Q. How does London Mining Network monitor associated human-rights abuses and environmental impact of mining?

A. We are not in a position to monitor the whole of the world’s mining industry or even all the operations of companies based in, listed in or financed from London. We are a campaigning network that can simply point to examples of bad practice, mostly where we as a network are working with affected communities, and call for justice, respect for local people and for mine workers and for better regulation to prevent such poor practice. We work with communities who are struggling to stop mining projects [from] going ahead or to get justice from mining companies. Such social struggles might involve all manner of protest forms, including blockades and land occupations, judicial actions or political campaigns. In addition to publicizing what is going on through our website, we have assisted in advising lawyers taking judicial actions and various groups making use of nonjudicial remedies, such as the OECD [Organization for Economic Cooperation and Development] complaints mechanism. We speak to members of Parliament and have advocated changes in the law to ensure stricter oversight of London-listed mining companies. We also monitor the media for information about mining and try to be aware of where damage is being done even where we have no local contacts — but we are more wary of taking a firm view on matters where we do not have direct links with the affected communities.

Q. Why does mining still tend to disproportionally impact indigenous populations despite the UN Declaration on the Rights of Indigenous Peoples, passed in 2007?

A. I suspect that in areas where indigenous peoples have been driven [out], mineral deposits have been more extensively mined than areas which are still inhabited by indigenous peoples. Of course, indigenous peoples are also subject to the force of racist repression and the denial of their rights, even in countries that have signed up to the United Nations Declaration on the Rights of Indigenous Peoples. There are also those countries which, having signed the declaration, then dilute it with so many reservations that they effectively deny indigenous peoples control of their own land. The imbalance of power is a huge problem. Companies have technical expertise and access to money and lawyers in a way that communities rarely do. However, neither mining companies nor governments seem willing to address these issues. I have even heard mining company executives say that only governments and mining companies should be allowed to provide information to communities during processes of consultation because information provided by independent bodies would only confuse them!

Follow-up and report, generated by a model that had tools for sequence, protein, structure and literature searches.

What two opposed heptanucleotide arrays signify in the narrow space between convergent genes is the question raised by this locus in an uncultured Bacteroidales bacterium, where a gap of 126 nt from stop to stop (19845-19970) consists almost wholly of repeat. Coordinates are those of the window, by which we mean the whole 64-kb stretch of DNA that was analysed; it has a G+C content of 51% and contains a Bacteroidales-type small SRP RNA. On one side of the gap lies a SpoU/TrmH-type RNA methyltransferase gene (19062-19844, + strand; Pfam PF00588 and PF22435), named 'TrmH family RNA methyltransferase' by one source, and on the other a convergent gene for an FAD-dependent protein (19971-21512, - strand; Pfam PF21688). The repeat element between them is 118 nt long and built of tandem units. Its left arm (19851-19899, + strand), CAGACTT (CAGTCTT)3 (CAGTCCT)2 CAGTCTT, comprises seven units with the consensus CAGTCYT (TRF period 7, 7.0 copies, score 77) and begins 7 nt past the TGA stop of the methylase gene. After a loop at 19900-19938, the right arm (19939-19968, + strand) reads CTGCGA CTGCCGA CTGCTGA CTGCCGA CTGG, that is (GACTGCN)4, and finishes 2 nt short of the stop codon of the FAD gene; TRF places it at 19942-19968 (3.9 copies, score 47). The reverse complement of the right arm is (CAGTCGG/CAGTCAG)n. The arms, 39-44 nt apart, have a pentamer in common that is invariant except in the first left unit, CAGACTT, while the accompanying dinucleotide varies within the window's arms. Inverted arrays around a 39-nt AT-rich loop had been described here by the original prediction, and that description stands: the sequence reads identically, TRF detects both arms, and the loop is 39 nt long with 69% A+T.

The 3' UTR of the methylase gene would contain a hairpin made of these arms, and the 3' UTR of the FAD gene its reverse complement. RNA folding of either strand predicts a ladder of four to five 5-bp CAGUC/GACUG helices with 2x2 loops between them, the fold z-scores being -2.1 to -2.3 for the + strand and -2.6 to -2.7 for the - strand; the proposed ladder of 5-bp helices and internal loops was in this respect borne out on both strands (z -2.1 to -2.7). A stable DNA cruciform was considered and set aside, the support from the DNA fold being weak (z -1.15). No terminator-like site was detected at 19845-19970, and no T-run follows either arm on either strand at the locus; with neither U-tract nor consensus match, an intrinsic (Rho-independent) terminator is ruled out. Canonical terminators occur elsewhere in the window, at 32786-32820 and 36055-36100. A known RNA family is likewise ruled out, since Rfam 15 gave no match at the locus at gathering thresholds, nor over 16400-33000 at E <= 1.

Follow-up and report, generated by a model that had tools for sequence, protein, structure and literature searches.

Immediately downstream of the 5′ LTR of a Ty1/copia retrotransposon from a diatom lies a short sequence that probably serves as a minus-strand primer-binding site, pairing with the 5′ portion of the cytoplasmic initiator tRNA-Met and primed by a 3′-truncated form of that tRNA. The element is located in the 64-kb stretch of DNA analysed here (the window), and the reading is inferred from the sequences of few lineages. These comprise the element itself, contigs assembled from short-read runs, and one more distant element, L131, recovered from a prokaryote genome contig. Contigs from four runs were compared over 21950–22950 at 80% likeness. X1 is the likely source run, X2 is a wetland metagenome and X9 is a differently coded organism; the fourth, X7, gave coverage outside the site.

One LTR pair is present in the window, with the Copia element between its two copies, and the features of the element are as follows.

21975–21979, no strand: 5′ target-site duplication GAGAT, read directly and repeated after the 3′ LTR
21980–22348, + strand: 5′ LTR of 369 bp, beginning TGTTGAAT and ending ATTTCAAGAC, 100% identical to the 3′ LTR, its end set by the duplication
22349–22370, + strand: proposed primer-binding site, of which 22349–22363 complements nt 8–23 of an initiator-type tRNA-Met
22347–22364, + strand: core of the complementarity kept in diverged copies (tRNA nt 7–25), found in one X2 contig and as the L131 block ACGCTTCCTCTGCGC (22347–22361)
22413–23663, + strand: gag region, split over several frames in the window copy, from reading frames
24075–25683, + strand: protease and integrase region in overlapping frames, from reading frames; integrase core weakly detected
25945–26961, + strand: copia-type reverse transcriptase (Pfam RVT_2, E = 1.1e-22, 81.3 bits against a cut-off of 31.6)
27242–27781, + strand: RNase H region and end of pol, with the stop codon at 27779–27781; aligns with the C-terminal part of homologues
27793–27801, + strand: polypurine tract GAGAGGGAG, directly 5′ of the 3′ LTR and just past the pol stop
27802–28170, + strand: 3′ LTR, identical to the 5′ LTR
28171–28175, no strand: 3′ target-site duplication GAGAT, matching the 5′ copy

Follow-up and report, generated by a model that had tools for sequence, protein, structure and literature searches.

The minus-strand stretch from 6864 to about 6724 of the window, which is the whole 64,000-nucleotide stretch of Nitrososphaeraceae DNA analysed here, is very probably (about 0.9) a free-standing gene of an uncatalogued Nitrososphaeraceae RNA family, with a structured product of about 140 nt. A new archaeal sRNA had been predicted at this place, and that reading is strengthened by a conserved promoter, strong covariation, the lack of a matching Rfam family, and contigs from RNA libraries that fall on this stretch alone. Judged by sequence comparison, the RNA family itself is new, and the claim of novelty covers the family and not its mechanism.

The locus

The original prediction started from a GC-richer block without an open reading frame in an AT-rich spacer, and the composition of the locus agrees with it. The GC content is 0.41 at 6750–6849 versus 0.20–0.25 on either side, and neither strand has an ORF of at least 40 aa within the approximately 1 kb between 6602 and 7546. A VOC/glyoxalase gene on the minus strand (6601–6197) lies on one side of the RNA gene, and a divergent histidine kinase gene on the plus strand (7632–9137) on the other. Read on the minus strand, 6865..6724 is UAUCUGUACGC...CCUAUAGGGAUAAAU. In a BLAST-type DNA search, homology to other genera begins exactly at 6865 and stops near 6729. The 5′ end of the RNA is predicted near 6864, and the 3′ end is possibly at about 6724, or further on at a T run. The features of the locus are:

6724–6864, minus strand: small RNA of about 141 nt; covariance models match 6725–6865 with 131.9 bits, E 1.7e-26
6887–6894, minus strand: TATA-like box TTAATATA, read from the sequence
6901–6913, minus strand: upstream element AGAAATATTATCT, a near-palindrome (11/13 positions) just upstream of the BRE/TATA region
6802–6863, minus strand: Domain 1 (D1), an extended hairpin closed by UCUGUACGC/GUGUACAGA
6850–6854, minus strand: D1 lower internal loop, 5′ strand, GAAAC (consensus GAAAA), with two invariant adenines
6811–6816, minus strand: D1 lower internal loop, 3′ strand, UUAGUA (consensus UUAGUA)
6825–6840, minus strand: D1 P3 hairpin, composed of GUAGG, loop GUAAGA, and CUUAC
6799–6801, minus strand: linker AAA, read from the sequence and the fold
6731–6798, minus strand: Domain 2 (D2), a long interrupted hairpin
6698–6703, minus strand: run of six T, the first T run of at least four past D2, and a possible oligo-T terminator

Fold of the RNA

Language can also be a problem: a mining company might produce a huge environmental and social impact assessment in English or Spanish or French and there may be neither money, nor willingness, nor time to translate it into the languages of the people whom the project will affect most directly. In any case, there may be a yawning gap between concepts which have meaning to mining companies — money, engineering, technical ways to mitigate environmental damage — and the values of indigenous land-based communities, including views about the sanctity of land and sacred sites.

Q. Most miners around the world are men, yet certain mining practices often have a negative effect on local women. Why?

A. Among organizations working on the impacts of mining on women is a London Mining Network member, Latin American Mining Monitoring Program (Lammp), and the South African-based WoMin, which has posted its research. My understanding of WoMin’s findings is the following:

Ÿ • Women are producers of food; 60 to 80 percent of food in sub-Saharan Africa is produced by women. Consequently, when land is grabbed, it has a disproportionate impact on women.